The government's electoral reform programme has overcome its first major hurdle.
MPs voted yesterday evening in favour of legislation paving the way for a referendum on a change to the alternative vote (AV) system for electing the House of Commons, equalising the size of constituencies and reducing the number of MPs.
The bill, having passed its second reading stage in the Commons, faces scrutiny by committee in the lower House and, eventually, further attacks from the Lords.
Some Labour MPs support AV, but the party has railed against equalising constituencies as it would lose a significant advantage in its urban heartlands, calling the proposals tantamount to "gerrymandering".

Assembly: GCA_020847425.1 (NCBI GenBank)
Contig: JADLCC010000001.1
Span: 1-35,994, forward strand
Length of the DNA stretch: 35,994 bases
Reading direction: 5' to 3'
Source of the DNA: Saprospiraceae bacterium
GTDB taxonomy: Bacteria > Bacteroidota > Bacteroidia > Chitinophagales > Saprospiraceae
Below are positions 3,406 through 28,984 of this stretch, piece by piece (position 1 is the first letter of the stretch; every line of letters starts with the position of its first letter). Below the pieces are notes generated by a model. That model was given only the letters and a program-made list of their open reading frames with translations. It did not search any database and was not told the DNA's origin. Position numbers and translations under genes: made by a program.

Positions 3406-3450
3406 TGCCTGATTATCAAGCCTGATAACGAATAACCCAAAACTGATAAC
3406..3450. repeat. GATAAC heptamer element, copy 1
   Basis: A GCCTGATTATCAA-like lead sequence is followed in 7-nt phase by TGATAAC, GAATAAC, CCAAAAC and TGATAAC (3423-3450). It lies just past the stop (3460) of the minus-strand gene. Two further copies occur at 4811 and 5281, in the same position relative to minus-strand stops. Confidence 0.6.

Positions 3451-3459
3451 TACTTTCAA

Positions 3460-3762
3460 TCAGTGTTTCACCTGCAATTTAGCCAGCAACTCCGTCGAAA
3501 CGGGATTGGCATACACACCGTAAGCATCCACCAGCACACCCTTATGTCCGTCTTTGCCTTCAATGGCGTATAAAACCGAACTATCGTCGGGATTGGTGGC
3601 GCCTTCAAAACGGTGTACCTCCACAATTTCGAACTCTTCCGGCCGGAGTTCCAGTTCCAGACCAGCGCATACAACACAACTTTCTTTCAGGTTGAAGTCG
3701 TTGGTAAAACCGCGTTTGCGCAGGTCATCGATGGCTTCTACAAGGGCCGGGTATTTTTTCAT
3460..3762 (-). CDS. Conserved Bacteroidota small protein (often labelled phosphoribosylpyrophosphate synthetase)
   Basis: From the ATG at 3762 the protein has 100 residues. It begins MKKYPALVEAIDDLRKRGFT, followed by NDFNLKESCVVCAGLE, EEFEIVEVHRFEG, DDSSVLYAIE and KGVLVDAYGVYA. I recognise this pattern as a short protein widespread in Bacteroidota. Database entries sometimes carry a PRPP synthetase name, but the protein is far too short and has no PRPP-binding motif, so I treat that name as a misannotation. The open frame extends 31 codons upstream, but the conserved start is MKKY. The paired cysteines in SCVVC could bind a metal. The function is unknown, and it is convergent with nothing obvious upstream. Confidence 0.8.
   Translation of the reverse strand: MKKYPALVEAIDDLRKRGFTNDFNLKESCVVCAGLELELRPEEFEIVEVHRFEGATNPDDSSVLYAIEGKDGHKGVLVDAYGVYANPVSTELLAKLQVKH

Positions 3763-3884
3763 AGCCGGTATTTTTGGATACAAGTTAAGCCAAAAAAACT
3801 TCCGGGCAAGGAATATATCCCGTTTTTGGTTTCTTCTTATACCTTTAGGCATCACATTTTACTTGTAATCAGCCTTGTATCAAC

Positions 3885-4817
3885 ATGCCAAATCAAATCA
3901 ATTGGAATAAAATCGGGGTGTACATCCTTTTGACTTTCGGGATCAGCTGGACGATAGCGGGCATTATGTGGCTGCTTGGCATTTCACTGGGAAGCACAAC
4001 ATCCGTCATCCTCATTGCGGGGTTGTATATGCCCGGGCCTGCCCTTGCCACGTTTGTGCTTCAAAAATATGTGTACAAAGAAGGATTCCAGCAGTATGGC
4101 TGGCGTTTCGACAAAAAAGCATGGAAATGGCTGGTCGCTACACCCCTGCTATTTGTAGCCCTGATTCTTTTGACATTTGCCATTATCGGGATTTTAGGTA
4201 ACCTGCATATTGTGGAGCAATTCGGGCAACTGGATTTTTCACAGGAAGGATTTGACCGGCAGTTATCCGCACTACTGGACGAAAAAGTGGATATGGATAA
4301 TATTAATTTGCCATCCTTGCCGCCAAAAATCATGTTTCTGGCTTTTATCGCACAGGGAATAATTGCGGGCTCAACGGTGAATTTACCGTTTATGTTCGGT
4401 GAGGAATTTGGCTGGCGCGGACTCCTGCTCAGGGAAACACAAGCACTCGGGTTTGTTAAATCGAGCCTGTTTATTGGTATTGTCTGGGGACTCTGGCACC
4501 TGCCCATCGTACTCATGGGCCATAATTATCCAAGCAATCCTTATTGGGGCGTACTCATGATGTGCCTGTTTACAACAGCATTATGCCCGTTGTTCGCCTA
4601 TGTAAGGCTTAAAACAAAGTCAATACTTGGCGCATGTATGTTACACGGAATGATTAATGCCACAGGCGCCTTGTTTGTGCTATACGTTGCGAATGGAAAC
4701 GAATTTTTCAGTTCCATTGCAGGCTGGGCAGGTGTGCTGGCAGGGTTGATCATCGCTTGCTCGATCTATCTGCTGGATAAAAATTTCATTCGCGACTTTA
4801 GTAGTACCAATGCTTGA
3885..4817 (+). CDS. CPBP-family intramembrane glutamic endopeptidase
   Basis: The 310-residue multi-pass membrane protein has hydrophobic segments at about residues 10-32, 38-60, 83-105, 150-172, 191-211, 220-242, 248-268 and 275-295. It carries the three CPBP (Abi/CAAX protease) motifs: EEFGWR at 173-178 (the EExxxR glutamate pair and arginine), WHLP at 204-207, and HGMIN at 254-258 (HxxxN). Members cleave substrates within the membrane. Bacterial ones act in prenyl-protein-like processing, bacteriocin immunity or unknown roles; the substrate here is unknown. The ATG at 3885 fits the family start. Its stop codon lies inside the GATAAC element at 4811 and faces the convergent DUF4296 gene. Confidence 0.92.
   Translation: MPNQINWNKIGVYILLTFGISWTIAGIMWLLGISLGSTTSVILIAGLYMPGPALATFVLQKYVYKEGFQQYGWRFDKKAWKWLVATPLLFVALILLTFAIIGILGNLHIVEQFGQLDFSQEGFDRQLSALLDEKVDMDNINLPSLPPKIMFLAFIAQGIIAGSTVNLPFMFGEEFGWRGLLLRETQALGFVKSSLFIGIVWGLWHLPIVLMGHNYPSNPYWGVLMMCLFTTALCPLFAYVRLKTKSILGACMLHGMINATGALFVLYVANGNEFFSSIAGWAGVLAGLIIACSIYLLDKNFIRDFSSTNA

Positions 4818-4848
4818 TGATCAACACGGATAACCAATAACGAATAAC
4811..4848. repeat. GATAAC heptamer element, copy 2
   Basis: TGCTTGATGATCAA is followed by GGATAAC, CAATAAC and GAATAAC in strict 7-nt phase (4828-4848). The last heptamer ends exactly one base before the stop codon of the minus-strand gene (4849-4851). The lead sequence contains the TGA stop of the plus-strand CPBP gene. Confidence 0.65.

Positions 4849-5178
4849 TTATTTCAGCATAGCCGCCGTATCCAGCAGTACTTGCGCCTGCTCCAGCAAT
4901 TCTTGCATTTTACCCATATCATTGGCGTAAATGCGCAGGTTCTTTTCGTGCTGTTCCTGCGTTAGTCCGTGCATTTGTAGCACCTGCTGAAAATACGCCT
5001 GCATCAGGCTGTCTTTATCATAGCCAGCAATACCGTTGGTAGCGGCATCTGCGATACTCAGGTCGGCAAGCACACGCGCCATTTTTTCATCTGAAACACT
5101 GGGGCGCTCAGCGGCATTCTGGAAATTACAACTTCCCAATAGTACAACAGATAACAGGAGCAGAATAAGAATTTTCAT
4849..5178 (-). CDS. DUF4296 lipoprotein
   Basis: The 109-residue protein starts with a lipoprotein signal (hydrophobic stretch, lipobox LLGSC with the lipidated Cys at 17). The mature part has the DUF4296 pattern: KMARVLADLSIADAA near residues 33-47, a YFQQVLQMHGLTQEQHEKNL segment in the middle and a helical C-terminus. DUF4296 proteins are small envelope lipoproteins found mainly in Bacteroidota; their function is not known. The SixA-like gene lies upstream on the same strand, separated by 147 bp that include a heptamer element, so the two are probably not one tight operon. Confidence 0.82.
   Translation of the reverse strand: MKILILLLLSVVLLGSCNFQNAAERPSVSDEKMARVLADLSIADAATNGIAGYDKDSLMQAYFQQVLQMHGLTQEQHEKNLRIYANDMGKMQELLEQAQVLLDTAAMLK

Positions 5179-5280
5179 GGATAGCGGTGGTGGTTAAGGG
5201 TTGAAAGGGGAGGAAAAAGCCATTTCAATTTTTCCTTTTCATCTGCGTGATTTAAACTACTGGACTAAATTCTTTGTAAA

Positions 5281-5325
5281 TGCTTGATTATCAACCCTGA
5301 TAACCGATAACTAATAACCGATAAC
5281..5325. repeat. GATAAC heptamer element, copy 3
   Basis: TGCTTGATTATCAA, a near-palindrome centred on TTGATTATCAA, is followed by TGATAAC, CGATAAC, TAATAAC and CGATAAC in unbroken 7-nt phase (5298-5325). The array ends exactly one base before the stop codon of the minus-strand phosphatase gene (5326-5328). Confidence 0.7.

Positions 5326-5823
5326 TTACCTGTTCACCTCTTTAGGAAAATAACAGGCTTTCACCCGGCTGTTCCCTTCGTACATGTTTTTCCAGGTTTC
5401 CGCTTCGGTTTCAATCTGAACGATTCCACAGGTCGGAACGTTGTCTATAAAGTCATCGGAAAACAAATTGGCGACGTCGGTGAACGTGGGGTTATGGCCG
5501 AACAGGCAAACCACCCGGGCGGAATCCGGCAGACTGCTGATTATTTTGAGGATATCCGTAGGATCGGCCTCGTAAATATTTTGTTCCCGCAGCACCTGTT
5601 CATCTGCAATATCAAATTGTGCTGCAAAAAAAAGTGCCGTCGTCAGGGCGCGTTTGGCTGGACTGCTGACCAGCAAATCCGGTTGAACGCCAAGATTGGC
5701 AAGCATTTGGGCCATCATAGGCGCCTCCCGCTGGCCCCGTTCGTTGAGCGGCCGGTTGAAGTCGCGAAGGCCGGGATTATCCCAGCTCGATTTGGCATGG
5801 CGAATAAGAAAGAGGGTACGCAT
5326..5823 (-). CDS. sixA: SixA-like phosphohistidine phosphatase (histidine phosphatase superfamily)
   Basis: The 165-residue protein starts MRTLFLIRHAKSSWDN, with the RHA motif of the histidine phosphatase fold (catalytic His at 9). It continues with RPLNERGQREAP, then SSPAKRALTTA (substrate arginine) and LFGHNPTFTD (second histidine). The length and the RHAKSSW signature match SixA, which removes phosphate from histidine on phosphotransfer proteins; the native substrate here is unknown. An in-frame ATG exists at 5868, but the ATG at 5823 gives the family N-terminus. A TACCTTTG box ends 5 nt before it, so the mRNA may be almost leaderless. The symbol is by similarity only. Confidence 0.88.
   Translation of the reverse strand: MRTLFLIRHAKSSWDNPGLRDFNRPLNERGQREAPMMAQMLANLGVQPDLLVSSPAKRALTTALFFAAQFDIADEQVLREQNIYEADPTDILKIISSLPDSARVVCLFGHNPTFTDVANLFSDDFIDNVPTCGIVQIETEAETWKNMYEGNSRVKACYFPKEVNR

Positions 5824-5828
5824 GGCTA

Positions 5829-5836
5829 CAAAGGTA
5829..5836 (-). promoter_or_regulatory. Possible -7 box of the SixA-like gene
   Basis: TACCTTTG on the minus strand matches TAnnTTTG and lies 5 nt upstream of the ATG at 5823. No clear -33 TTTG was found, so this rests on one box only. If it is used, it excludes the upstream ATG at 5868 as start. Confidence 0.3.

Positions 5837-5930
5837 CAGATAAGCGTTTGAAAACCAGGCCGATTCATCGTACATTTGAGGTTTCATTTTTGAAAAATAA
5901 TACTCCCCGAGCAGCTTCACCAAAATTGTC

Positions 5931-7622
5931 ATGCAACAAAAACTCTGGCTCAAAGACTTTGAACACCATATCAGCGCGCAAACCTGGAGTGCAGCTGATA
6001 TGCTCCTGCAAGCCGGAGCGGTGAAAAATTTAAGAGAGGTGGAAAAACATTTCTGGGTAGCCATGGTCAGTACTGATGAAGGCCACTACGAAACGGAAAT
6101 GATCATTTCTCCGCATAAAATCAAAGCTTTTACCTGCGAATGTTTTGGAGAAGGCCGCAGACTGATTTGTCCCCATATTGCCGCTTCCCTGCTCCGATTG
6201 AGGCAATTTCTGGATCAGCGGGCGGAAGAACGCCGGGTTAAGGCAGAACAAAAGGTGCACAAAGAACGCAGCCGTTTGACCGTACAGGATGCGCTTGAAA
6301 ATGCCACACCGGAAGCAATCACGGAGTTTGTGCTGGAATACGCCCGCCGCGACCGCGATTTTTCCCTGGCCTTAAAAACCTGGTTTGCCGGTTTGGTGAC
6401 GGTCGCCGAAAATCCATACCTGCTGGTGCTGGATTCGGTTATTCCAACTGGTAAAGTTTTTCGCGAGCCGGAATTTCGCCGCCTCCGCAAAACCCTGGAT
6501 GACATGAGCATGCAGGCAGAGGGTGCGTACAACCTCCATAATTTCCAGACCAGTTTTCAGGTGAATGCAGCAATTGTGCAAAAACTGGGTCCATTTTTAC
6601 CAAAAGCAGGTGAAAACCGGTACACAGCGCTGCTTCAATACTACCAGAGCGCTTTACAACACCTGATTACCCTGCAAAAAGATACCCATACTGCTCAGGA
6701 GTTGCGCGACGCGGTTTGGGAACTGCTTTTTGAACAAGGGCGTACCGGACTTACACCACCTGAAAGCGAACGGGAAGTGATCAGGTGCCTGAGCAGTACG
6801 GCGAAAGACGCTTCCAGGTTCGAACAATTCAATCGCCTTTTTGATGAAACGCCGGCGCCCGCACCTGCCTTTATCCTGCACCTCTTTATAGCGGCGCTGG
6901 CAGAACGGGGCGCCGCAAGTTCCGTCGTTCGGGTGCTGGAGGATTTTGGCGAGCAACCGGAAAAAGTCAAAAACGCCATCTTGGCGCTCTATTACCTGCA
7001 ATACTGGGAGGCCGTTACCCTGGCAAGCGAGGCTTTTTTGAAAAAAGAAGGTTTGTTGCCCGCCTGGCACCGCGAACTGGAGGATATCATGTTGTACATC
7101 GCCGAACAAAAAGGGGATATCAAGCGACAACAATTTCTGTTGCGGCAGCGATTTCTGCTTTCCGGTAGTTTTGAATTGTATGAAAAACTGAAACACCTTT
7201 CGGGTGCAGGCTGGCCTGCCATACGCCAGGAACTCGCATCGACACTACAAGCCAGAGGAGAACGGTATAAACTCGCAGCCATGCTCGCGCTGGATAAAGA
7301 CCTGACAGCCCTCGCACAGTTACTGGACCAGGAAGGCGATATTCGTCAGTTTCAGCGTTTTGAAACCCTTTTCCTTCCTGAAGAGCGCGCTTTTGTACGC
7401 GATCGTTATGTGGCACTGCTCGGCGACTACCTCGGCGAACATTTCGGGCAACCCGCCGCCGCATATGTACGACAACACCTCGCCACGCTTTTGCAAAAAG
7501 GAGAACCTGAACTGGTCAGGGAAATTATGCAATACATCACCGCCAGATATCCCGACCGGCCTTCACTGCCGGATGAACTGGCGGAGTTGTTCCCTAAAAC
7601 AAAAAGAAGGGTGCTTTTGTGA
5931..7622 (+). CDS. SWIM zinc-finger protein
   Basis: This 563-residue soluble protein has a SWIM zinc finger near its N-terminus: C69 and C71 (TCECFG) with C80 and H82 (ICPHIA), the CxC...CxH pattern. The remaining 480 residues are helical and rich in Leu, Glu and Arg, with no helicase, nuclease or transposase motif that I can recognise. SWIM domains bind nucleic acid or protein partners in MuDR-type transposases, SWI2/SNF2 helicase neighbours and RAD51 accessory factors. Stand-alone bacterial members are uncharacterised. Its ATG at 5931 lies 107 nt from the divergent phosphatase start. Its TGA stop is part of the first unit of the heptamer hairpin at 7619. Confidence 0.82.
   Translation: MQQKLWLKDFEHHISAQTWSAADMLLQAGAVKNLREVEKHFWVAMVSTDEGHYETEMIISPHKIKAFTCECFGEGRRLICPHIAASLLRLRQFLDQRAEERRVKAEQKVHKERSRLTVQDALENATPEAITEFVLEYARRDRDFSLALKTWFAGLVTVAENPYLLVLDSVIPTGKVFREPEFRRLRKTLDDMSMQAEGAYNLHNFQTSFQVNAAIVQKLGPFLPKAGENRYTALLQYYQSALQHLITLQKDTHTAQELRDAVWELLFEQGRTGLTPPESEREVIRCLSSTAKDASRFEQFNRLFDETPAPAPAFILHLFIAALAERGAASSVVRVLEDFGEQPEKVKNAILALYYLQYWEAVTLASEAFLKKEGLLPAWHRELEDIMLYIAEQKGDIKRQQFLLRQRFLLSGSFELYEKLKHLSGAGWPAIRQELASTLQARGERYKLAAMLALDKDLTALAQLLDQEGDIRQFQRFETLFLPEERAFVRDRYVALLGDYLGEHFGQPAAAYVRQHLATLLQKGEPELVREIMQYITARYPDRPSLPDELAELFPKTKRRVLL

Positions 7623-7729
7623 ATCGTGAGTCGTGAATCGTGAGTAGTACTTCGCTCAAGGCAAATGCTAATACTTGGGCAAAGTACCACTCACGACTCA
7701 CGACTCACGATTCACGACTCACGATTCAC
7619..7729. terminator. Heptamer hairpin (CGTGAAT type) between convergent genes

Large number of Tory MPs oppose any change to first-past-the-post and in particular object to the holding of the AV referendum on the same day as Scottish and Welsh elections and those for English councils, inflating the turnout and thus possibly aiding the 'yes' campaign.
The Liberal Democrats, who used the referendum as a condition for the formation of the coalition, view AV as a half-measure short of full proportional representation, for which they have incessantly campaigned.